'272 pat., col. 5, l. 64 to col. 6, l. 5 (emphasis added). That the PTO focused on this part of the written description in granting the '272 patent is demonstrated by the irrelevance of the earlier parts of the written description to the invention actually claimed in the '272 patent. Indeed, the earlier parts of the written description relate to the inventions claimed by the '157 and the '757 patents. For instance, the written description describes in detail an apparatus and method for correcting imperfections in the polygonal mirror during the scanning process, as claimed in the '157 patent. The written description further describes in detail apparatus for correcting the scanning speed during the scanning process, as claimed in the '757 patent. As may be recalled, the '272, '157, and '757 patents all stemmed from the same parent application, or a divisional or continuation application thereof. Thus, it is perhaps unsurprising that their written descriptions are apparently identical and, consequently, not relevant in toto to all three inventions.
The earlier parts of this apparently identical written description do, indeed, use the term “spot”. However, the usage of the term “spot” is noticeably different in the earlier portions of the written description. These earlier uses of the term refer to a “spot” in the sense of a moving spot, which surely must be the spot of light produced by the beam. Thus, for example, the written description explains that:
The edge detector 62 will indicate when spot 34 has passed a fixed terminal point beyond the scan path. The time differential as detected between the first edge detector 58 and the second detector 62 can be interpreted through logic circuitry to indicate the flight time for spot 34 to cover a fixed length scan path.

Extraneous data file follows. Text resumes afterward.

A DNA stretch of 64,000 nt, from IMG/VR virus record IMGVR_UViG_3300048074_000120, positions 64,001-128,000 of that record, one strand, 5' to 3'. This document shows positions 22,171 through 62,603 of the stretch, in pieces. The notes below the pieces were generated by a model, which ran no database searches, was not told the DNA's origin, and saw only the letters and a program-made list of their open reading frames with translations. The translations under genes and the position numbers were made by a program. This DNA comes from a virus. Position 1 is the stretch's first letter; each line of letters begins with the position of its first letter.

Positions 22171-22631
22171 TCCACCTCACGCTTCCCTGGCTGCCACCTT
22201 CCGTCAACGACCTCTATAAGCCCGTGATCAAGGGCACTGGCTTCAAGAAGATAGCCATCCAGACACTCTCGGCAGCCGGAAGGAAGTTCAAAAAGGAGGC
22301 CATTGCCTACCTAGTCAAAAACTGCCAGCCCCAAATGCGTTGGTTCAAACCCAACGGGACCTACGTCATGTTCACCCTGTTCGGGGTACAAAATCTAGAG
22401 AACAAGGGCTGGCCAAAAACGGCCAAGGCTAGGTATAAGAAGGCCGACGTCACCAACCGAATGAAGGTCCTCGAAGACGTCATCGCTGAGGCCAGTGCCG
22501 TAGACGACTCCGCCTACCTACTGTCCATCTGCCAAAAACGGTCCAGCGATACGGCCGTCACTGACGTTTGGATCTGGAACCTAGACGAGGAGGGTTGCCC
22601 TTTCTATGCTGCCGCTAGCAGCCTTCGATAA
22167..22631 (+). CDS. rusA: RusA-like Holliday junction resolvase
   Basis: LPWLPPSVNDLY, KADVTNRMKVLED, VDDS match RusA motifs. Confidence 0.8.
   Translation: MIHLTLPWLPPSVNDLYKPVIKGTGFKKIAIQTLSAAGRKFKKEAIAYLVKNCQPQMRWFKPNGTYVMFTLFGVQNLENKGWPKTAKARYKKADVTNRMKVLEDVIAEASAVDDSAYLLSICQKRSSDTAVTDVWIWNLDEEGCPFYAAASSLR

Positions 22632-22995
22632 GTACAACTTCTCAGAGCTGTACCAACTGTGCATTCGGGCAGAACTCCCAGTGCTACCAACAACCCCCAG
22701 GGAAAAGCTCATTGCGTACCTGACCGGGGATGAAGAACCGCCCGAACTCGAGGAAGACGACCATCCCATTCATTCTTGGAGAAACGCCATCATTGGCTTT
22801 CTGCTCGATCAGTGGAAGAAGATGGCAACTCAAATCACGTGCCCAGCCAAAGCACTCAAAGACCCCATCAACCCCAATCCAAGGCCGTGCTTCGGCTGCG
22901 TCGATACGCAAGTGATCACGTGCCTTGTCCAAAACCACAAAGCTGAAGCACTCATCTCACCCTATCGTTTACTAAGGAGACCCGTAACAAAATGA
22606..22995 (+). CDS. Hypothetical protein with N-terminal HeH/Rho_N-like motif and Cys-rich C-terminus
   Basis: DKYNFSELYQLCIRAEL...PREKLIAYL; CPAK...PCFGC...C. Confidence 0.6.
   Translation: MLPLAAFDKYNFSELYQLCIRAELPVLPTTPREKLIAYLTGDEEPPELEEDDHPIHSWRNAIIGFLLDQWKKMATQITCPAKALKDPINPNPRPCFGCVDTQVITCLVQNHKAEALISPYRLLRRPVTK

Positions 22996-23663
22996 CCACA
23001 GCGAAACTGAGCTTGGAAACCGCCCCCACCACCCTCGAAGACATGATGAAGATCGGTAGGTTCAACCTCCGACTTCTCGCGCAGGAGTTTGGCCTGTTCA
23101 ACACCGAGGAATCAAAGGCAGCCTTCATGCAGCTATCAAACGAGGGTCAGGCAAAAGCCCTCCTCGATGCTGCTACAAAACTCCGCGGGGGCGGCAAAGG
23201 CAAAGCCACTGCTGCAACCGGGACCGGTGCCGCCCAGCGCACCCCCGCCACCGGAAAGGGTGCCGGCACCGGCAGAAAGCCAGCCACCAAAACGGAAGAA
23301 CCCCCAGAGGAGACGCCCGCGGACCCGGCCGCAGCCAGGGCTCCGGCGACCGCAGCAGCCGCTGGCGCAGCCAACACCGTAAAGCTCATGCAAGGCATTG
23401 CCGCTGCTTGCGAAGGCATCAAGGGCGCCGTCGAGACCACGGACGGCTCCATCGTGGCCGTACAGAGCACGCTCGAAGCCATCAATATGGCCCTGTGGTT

'272 pat., col. 5, ll. 52-57. The spot of discharged area on the photoreceptor cannot, of course, have a “flight time” and thus it is apparent that this usage of the term “spot” must refer to a spot of light. The two uses of the term “spot” in the later part of the written description, however, do not refer to “spot” in the context of a moving spot, but rather in the context of the “spot size” to be employed “so as to avoid roughed edges and improve character formation.” This usage of the term appears quite distinct from the dynamic “spot” referred to earlier in the written description. Indeed, read in context, this usage of the term “spot size” relates to the spots that are used as the constituent parts of the printed characters, not the “spot” that moves within the apparatus described in the written description. Moreover, the earlier uses of the term referred generally to “the spot 34”, in reference to the identical Figure 1 of all three patents, whereas these later uses referred only to “spot size”, again indicating a different usage.
In circumstances such as this, where the language of the written description is sufficient to put a reader on notice of the different uses of a term, and where those uses are further apparent from publicly-available documents referenced in the patent file, it is appropriate to depart from the normal rule of construing seemingly identical terms in the same manner. This entirely accords with the public notice function of claims. See Vitronics, 90 F.3d at 1583, 39 USPQ2d at 1577; Hoganas AB v. Dresser Indus., 9 F.3d 948, 951, 28 USPQ2d 1936, 1939 (Fed.Cir.1993). The prosecution history indicates to a reviewing member of the public that the '272 patent was one of several patents to be issued based upon the same written description disclosure. Parsing the written description, in the context of the prosecution history, puts the reader on notice that the term “spot” has different meanings in the written description depending on its context. Like Genentech, therefore, the term must be read to correspond to the only plausible meaning in each context. In light of the prosecution history, the only plausible meaning of the term “spot size”, as used in the disputed part of the written description, is the area of discharge on the photoreceptor. The district court therefore erred when it relied upon the frequency of occurrences of the term “spot”, in the context which all parties agreed meant the spot of light from the laser beam, to draw a “logical” conclusion that the two disputed occurrences of the term in the written description and all the occurrences of the term in the claims must also have that meaning.
The patent title
Under the general heading of “The Prosecution History”, the district court considered the effect of the amendment of the title of the '272 patent to include the term “Light Spots”. See March Non-Infringement Ruling, slip op. at 13-15. The district court reasoned that: